To finish a page, I first draw out all the panel sizes and shapes for each page.  The ruler (and eraser) is critical.Phase 2Next I draw in the panels with pencils.. choose word balloon placement.. add text… and then once that is done, go over all of it with ink. There’s many different ways to add ink to a page.  Some people ‘ink’ directly in the computer, others are master inkers using sable brush and the like.  I prefer the luddite route whereby I do as much as I can by hand and some extremely basic inking using a micron pen, and then I scan it into the computer and clean it up, add colour, etc.  (if you’re curious, an example of a finished page can be seen in a prior post).

Phase 3Now, I should say that this process takes a LONG time, at least 3/4 to a full day per page depending on the detail – and for people that ink professionally I’m sure it could take even longer.  And that’s not even including the time spent cleaning it up on the computer and colouring (another post topic)!

I don’t know any other medium which takes hours just to tell one little joke, so you really gotta love it.  So there you have it.. the secret sauce.

Phase 4.2P.S. Simon looks crosser than I meant in the panel above.  There was a really loud woman talking near me when I was drawing this.

Drawing a Graphic Novel – Colour? No Colour?

As I’ve been focusing lately on longer story projects, here’s the draft first page from Dark Horse Rising.  I won’t be putting the whole project on line (at least at this point) but have been playing around with colour with mixed results. The page below is a variation on grayscale with a fairly limited palette (black, white, gray, and a blueish gray).  As the overall mood is a bit sombre, I’m not sure I’ll stick with this exact palette just yet.DHpg1 - GREY file Below is the same page with some colour added (the peach colour is possibly hideous).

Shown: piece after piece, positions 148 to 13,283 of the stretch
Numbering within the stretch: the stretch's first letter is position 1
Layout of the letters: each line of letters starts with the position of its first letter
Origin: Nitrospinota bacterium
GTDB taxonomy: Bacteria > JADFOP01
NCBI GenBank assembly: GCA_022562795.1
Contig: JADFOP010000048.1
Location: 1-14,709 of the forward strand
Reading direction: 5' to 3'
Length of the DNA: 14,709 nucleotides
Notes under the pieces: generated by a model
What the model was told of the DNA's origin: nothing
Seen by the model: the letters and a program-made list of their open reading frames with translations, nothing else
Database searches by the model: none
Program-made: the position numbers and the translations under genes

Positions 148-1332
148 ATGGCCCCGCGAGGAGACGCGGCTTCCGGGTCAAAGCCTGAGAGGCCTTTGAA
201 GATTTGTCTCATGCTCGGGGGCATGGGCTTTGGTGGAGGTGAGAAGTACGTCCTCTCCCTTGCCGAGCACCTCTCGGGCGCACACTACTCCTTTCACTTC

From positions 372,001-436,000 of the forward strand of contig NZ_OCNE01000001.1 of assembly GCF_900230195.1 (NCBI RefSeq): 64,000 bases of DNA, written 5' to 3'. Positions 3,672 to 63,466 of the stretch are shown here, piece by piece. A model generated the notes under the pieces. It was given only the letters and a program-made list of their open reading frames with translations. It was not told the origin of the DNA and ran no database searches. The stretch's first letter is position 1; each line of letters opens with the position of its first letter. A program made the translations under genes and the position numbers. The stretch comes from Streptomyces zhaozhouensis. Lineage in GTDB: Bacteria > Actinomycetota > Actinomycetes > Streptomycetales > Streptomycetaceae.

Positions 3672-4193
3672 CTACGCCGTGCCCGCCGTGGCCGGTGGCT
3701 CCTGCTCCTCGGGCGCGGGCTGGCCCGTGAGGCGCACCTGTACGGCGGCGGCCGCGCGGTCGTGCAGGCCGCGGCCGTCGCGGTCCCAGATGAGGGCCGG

DHpg1 - yellowMy preference right now is for the grayscale version, however they both invoke such different moods.. what to do, what to do.

And don’t get me started on my tribulations with word balloon placement… 🙂

Dark Horse Rising – Cover for S&F Story

So.. some time ago, I vaguely threatened a longer Simon & Finn story..   As (a) I like to make good on threats, and (b) there’s a cover page theme going since last week, here’s the cover underway from this particular project – it’s a different track from the weekly cartoon commentary as the longer story takes place in a strange new world.

A few might recognize a nod to one or two childhood heroes in the cover design to date (hint: plus fours).

Still a long way to go before the finished project! 🙂

DH Cover Colour 1

And now for something completely different..

So, instead of a cartoon for this week I thought I would show a couple pages from an illustration/writing project I’m working on.  It’s very much a work in progress and learning Photoshop has been the bane of my existence lately, but small steps I suppose.

Cover page in progress below…

MouseyCoverfineCOLOURThis next page is later on in the story, after many curious things happen (those strange white stump things in the lower panels are supposed to be trees, but I haven’t fixed that part yet).